Wajahat Ali, contributing opinion writer at the New York Times, told CNN Friday that the New Zealand mosque shooter was motivated by the “white genocide” conspiracy theory — which has been mainstreamed here in the United States by the Republican Party.
“What we’re witnessing around the world is the death rattle of white supremacy that has become the death march of white supremacy,” Ali said. “This is a globalized ideology of supremacy that believes that white people, whoever represents white people, are superior and they have a shared fear and conspiracy theory, something called the ‘white genocide’ or the ‘great replacement’, which says that Jews are the head of this cabal that are trying to weaken an trying to subordinate the white race through the savages.”
Ali said the mosque shooter wasn’t the first to use the “language of invasion”, citing prior anti-immigrant, anti-Islamic mass shootings in Norway and Quebec, and slammed the Republican Party for its role in promoting the ideology.
“This has been mainstreamed by Republican elected officials such as Congressman Steve King who have sworn by the replacement theory,” Ali said. “He’s tweeted about it, that ‘we cannot replace our civilization with their babies.’”
“Donald Trump in the midterm elections in 2018, when he’s promoting the anti-Semitic conspiracy of George Soros, the Hungarian Jewish-American billionaire, allegedly funding the caravan of rapists and criminals and Middle Eastern suspects, who are coming here to invade us, that language sounds very similar to the language used in this manifesto,” he went on.
“That’s why there’s a link here. There’s a reason why the number one domestic terror threat in America, according to the FBI are these white supremacists,” Ali continued. “It’s the number one domestic terror threat in the number of plots and we have to call it what it is: an act of domestic terrorism making all our communities unsafe.”
Watch the video below.
Fiona Hill’s attorney rips the administration: Trump ‘co-opted’ US foreign policy for his own ends
On Thursday's edition of CNN's "Anderson Cooper 360," National Security Council official Fiona Hill's attorney, Ambassador Lee Wolosky, broke down the implications of his client's testimony.
"The phrase that she used to describe [E.U. Ambassador Gordon] Sondland's mission, a 'domestic political errand,' a lot of people have said that was a big takeaway from today, that sort of encapsulated what was going on here," said Cooper. "Does she agree?"
"Well, yeah," said Wolosky. "As she testified to, I think that what she began to notice is that, in fact, this really wasn't an irregular or shadow foreign policy effort, as some people have called it. It was actually domestic politics. She was doing national security, as were others, and foreign policy, and Sondland and Giuliani were taking steps to advance the political interests of the president. And I think that what she crystallized is how pernicious it can be when our national security and when our foreign policy decision making is basically co-opted or held hostage to the individual political interests of one individual."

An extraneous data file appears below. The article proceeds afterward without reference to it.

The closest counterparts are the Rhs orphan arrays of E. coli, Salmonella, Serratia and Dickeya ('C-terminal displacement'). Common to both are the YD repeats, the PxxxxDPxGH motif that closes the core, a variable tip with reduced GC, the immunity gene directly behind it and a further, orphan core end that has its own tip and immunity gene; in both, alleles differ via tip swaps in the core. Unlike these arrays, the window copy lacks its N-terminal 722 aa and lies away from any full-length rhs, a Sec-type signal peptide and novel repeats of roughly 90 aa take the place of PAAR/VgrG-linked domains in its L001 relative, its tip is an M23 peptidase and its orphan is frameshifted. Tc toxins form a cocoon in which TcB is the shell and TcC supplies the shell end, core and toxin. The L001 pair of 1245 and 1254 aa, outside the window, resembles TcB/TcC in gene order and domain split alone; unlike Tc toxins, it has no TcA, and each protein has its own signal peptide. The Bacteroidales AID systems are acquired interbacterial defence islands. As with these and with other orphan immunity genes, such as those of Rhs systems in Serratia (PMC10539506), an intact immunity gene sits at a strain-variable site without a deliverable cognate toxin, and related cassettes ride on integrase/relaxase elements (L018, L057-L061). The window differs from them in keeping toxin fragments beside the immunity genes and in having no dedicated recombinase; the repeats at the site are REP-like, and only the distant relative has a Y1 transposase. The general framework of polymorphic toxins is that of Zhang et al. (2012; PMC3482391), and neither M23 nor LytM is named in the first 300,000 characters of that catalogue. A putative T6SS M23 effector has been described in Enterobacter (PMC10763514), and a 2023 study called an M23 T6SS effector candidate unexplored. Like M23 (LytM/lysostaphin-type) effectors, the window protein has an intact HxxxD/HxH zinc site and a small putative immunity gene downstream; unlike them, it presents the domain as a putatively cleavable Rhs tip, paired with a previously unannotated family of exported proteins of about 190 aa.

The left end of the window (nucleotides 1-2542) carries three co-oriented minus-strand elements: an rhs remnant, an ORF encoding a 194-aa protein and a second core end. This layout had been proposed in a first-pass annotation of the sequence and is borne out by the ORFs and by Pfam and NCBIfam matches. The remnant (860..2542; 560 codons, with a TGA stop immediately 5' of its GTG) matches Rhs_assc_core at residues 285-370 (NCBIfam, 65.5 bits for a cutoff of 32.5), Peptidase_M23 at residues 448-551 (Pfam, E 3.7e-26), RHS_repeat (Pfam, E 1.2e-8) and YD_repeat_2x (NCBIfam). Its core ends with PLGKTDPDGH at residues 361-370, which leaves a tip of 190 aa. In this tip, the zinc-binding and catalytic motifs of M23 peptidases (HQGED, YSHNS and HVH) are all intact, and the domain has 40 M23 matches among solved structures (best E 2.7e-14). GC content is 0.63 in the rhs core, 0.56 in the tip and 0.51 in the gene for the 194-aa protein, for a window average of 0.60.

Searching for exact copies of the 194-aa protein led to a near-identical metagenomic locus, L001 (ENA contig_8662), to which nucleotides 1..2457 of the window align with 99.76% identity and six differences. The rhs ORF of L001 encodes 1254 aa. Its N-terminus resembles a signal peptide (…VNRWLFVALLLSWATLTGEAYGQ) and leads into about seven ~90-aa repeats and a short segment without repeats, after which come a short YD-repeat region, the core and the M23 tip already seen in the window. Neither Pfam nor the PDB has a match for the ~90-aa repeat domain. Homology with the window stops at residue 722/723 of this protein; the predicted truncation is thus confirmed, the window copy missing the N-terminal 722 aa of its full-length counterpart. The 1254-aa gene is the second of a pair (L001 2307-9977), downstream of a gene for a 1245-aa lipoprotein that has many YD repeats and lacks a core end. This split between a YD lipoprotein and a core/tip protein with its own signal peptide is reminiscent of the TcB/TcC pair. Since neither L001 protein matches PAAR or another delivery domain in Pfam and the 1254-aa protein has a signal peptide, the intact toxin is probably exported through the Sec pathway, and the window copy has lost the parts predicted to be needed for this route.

‘Rudy Giuliani is the fall guy here’: CNN analyst says America’s Mayor was ‘meddling in everything’
On Thursday's edition of CNN's "OutFront," political analyst Gloria Borger suggested that President Donald Trump may just decide to cut his losses on the Ukraine scandal and blame his attorney Rudy Giuliani for any wrongdoing.
"I think at this point maybe Trump needs a fall guy," said Borger. "Rudy Giuliani is the fall guy here. He's the guy who was meddling in everything. Everybody who testified seemed to make it very clear that Rudy Giuliani was doing this at the direction of the president of the United States. I think Gordon Sondland said that, what, 20 times yesterday at the direction of the president, so it's clear Rudy Giuliani wasn't freelancing, but maybe the president feels that he needs him right now."
Trump officials could not have been ‘completely clueless’ about what he was doing: CNN correspondent
On Thursday's edition of CNN's "The Situation Room," White House correspondent Abby Phillip highlighted how Fiona Hill's testimony made the claim by other officials that they weren't aware of the scheme to extort dirt on former Vice President Joe Biden from Ukraine much less plausible.
"The idea Ukraine interfered in the 2016 election is completely unfounded," said Phillip. "This is important because it puts in context some of the other testimony we heard ... from Ambassador [Kurt] Volker and another top NSC official, Tim Morrison, who replaced Fiona Hill, that the conspiracy theory was a legitimate function of the government, it was okay for President Trump to seek that kind of investigation, was perfectly normal to them. And it wasn't until they learned 'Burisma' equaled 'Biden' they learned there was something weird or nefarious going on."